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Downloadable Book about Embedded Multicore

freescale-logo-iconFreescale has now released the collected, updated, and restyled book version of the article series on embedded multicore that I wrote last year together with Patrik Strömblad of Enea, and Jonas Svennebring, and John Logan of Freescale. The book covers the basics of multicore software and hardware, as well as operating systems issues and virtual platforms. Obviously, the virtual platform part was my contribution.

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LCTES 2010 Call for Papers

The call for paper for LCTES 2010 is now out, the deadline is October 3. If you have something to publish in the area of “Languages, Compilers, and Tools for Embedded Systems”, please consider it! I am on the program committee, and looking forward to reading some really good papers. I used to publish at the LCTES myself when I was doing my PhD… see my older publications if you are curious.

The conference itself will take place in Stockholm in April of 2010, as part of the Cyber-Physical Systems Week (CPSWeek) 2010.

The Hardware-Software Interface is where the Action Is

pn4_quad-gigaswift-utp-adapterWhen I started out doing computer science “for real” way back, the emphasis and a lot of the fun was in the basics of algorithms, optimizing code, getting complex trees and sorts and hashes right an efficient. It was very much about computing defined as processor and memory (with maybe a bit of disk or printing or user interface accessed at a very high level, and providing the data for the interesting stuff). However, as time has gone on, I have come to feel that this is almost too clean, too easy to abstract… and gone back to where I started in my first home computer, programming close to the metal.

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Cadence Industry Insight: “Virtual Platforms Unite HW and SW”

opinionAnother Cadence guest blog entry, about the overall impact of virtual platforms on the interaction between hardware and software designers. Essentially, virtual platforms are a great tool to make software and hardware people talk to each other more, since it provides a common basis for understanding.

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EETimes.com – Multicore CPUs face slow road in comms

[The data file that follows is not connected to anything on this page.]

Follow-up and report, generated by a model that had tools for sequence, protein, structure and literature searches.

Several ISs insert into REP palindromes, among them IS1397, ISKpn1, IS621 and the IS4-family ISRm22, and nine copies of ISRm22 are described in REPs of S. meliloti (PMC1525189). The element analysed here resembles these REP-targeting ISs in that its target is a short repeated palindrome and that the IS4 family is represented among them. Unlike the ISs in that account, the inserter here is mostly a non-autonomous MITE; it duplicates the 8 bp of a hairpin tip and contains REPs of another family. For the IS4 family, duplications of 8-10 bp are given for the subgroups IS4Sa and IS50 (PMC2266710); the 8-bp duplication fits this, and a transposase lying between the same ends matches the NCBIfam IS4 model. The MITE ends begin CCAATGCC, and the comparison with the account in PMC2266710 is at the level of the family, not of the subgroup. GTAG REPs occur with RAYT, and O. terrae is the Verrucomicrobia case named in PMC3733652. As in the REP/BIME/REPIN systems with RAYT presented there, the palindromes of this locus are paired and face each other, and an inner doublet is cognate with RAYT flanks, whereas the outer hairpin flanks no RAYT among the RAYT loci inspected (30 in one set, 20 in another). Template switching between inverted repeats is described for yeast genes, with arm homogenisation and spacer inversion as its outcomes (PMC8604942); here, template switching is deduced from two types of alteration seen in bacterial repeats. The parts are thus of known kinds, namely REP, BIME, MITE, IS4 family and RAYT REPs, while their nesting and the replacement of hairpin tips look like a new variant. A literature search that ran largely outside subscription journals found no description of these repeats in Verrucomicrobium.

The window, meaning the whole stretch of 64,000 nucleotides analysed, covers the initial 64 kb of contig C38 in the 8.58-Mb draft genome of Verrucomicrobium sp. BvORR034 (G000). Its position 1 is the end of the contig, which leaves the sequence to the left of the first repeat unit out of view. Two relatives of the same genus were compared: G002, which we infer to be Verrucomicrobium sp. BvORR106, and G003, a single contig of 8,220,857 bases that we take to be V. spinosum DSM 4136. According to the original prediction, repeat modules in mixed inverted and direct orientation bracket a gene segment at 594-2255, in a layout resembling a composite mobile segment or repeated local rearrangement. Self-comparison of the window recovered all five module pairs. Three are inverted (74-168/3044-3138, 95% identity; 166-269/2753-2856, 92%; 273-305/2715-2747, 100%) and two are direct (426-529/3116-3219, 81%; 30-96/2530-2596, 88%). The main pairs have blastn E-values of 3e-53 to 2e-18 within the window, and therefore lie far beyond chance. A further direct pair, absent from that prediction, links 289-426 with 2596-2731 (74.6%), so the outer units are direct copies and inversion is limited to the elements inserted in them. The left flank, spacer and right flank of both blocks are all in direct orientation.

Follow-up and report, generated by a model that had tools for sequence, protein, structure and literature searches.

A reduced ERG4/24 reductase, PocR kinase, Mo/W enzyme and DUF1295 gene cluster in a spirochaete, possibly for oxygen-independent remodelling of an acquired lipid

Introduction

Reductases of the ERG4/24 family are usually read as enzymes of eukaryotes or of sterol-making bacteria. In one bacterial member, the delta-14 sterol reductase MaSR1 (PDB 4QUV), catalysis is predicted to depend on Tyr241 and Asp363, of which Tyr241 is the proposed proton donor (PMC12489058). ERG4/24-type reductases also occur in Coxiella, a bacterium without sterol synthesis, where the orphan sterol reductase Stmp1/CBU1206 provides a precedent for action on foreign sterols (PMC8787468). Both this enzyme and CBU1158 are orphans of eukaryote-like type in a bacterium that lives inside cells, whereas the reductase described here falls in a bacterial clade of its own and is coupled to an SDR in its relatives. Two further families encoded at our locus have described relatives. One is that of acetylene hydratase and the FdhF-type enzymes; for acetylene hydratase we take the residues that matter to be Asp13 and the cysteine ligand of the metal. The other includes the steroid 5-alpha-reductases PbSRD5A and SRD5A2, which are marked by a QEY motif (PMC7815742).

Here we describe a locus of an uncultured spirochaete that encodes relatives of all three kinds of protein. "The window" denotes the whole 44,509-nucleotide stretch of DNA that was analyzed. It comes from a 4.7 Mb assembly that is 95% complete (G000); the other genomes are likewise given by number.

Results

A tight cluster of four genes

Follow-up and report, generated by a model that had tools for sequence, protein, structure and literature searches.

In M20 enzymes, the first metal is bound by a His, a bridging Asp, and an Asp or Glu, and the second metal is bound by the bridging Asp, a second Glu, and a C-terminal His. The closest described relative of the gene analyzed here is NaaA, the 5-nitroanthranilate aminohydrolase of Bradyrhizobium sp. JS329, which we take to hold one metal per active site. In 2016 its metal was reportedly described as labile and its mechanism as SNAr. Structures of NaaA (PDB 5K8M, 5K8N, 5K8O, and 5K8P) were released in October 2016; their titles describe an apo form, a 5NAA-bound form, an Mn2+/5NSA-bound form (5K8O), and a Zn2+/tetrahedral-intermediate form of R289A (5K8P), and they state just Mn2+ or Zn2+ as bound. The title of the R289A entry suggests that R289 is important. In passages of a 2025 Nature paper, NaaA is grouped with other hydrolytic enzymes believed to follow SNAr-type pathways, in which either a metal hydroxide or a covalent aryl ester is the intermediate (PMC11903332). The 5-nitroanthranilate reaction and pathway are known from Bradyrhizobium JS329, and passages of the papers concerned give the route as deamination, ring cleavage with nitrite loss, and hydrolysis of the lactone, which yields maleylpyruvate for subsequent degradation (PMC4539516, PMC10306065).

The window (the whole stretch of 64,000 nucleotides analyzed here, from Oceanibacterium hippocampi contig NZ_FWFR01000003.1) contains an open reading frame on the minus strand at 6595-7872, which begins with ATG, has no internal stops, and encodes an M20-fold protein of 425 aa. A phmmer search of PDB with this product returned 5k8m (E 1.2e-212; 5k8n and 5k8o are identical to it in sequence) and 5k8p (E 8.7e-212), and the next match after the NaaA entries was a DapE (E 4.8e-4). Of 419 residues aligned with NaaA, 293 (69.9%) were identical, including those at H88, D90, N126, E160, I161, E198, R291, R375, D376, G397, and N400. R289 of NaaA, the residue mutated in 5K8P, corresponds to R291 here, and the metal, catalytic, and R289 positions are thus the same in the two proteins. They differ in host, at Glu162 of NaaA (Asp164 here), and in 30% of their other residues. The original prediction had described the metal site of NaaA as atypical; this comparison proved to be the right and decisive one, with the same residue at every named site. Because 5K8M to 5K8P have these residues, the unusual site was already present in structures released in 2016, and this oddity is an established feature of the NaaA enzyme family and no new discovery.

eetimes logoThe  EETimes article Multicore CPUs face slow road in comms piqued my interest. There is an interesting chart in there about just how slow more-than-one-core processors will be in penetrating a vaguely defined “comms” market place. I can believe that, but I think their comments on the PowerQUICC series require some commentary…

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Enea and Freescale Article on SMP OS

Elektronik i Norden just published a technical insight article about the SMP kernels of Enea OSE and Linux, by Patrik Strömblad and Jonas Svennebring.

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Adding to Schirrmeister’s Virtual Platform Myth Busting

opinionFrank Schirrmeister of Synopsys recently published a blog post called “Busting Virtual Platform Myths – Part 1: “Virtual Platforms are for application software only”. In it, he is refuting a claim by Eve that virtual platforms are for application-level software-development only, basically claiming that they are mostly for driver and OS development and citing some Synopsys-Virtio Innovator examples of such uses. In his view, most appication-software is being developed using host-compiled techniques.  I want to add to this refutal by adding that application-software is surely a very important — and large — use case for virtual platforms.

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Tying a Thread to a Processor in Linux

This is a small Linux SMP programming tip, which I had a hard time finding documented clearly anywhere on the web. I guess people won’t find it here either, but with some luck some search engine will pick up on this.

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“Nulticore Effect”

Jack Ganssle wrote a column about the failure of multicore to scale, based on an article in IEEE Spectrum. He makes the following claim: